Minister of International Cooperation Rania Al-Mashat participated in the launch of the “Giving to Amplify Earth Action” (GAEA) initiative to achieve an equitable climate- and nature-positive future at the World Economic Forum (WEF) Annual Meetings 2023 in Davos on Wednesday.
Alongside Al-Mashat, this session included WEF President Børge Brende; Special Presidential Envoy for Climate, National Security Council (NSC) John Kerry; Managing Director for the Centre for Nature and Climate at the WEF Gim Huay Neo; United Nations Special Envoy for Climate Action and Finance Mark Carney; CEO for Temasek Trust Desmond Kuek; CEO for Crescent Enterprises Badr Jafar; and Vice Chairwoman of Carbon Direct Nili Gilbert.
The session discussed the role of philanthropic organizations in stimulating climate action. It also addressed how the government and private sectors can leverage the resources and tools available to philanthropic organizations to bridge an estimated $100 tr gap in order to deploy equitable solutions to preserve climate and nature by 2050, as the initiative and its goals were announced.
Al-Mashat stressed that climate change is a global challenge and that efforts must be unified, along with commitment to climate action and strengthened joint work among relevant stakeholders to utilize all available resources in line with the green transition. It is important to note the role of philanthropic organizations and the resources available to them in stimulating climate action through a partnership with both the private sector and the public sector to mobilize the required investments and help in the flow of capital.
Al-Mashat stated that in 2021, about 2% of the resources of philanthropic organizations were directed to climate action (between $7.5-12.5bn), to assist in efforts to mitigate the repercussions of climate change, while these organizations made available resources estimated at about $810 bn. The Minister stressed that philanthropic organizations can play a catalytic role for climate action through their available resources to finance high-risk projects, as well as technical expertise, and their openness to broad networks of actors, which stimulates the private sector to play a greater role in climate financing.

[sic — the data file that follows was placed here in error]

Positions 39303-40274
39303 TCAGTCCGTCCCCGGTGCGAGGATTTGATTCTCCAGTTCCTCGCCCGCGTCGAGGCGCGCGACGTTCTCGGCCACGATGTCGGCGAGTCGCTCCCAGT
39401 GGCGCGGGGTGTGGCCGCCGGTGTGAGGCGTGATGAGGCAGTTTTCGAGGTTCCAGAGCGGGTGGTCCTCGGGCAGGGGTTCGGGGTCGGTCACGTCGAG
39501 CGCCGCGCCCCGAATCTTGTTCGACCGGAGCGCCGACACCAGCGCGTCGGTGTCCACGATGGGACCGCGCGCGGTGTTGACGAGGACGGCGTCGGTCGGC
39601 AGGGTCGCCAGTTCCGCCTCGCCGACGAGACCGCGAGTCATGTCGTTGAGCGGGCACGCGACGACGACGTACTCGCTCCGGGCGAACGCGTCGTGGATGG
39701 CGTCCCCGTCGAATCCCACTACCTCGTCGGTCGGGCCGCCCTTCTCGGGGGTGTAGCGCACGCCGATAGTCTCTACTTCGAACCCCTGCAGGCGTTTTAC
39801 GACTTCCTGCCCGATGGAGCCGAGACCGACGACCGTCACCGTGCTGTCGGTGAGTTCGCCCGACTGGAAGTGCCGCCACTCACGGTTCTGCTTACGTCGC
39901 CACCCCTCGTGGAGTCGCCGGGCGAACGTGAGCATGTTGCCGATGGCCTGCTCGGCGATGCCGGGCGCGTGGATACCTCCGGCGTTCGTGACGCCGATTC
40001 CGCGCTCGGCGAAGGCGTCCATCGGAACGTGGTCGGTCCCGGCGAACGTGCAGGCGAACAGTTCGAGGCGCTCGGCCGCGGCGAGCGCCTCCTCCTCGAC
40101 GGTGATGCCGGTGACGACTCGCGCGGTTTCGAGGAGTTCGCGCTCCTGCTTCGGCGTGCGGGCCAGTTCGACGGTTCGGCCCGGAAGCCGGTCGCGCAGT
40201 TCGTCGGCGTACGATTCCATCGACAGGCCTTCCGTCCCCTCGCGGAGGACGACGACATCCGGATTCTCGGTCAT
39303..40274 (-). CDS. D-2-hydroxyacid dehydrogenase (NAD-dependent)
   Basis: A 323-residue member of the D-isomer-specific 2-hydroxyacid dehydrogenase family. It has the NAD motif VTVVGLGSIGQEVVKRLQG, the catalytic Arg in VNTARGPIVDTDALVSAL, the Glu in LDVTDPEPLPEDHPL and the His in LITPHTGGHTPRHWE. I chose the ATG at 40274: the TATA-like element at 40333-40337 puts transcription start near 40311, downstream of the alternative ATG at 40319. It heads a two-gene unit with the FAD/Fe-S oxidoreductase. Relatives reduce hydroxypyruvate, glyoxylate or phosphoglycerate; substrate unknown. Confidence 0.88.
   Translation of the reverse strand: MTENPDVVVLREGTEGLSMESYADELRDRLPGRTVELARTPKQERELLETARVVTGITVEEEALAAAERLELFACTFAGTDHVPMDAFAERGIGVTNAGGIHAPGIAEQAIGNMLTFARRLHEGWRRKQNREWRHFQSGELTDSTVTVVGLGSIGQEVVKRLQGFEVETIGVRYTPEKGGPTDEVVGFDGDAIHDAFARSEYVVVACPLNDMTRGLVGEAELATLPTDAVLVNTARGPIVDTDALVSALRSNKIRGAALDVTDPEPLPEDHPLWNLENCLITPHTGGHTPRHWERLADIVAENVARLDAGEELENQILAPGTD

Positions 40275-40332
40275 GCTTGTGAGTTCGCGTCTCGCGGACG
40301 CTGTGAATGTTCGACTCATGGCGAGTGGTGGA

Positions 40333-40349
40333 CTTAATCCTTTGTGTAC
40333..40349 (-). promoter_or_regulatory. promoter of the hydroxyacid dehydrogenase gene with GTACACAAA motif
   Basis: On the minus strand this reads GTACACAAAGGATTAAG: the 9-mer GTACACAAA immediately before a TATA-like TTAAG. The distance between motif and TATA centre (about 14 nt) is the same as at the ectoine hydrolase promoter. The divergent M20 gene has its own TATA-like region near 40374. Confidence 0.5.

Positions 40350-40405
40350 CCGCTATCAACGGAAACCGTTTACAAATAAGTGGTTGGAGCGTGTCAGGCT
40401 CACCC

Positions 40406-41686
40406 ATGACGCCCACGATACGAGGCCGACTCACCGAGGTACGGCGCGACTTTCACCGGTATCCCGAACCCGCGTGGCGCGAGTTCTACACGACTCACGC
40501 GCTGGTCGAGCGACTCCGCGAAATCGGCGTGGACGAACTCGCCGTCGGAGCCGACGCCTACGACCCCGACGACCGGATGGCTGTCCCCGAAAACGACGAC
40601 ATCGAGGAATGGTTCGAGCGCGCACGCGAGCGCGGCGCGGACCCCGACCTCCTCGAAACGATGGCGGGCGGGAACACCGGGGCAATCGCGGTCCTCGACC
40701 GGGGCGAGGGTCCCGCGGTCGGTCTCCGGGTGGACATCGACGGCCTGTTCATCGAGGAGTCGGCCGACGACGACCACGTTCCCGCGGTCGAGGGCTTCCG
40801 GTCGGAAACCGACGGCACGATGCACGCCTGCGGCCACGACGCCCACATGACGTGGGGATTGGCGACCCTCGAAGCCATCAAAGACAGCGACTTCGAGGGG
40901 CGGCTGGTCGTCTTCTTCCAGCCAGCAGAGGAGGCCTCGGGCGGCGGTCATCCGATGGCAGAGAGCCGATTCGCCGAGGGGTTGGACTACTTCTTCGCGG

Moreover, she also referred to the “Sharm El-Sheikh Guidebook for Just Financing”, which was published at COP27 as one of the initiatives of Egypt’s presidency. The guidebook presents clear principles and recommendations for each of the relevant stakeholders playing a role in stimulating climate action, highlighting the role of philanthropic organizations and noting the coordination between multilateral development banks and other providers of capital such as the private sector and charitable institutions in order to stimulate the provision of financial resources on a large scale.
In light of Egypt’s COP27 presidency, philanthropic organizations have taken over a large part of the discussions and events among the international community to discuss their role in driving climate action, with the ongoing global dialogue being the structure of international finance institutions, including mentioned organizations as key players in mobilizing the resources and investments needed to drive development efforts and climate action.
The session witnessed praise for Egypt’s hosting and chairmanship of COP27, and the importance of the conference as a step towards the transition from financial commitments to implementation. John Kerry, US Presidential Climate Envoy, also applauded the launch of the NWFE program as a model for developing countries and emerging economies to raise climate finance on the basis of platforms, such as the JETP.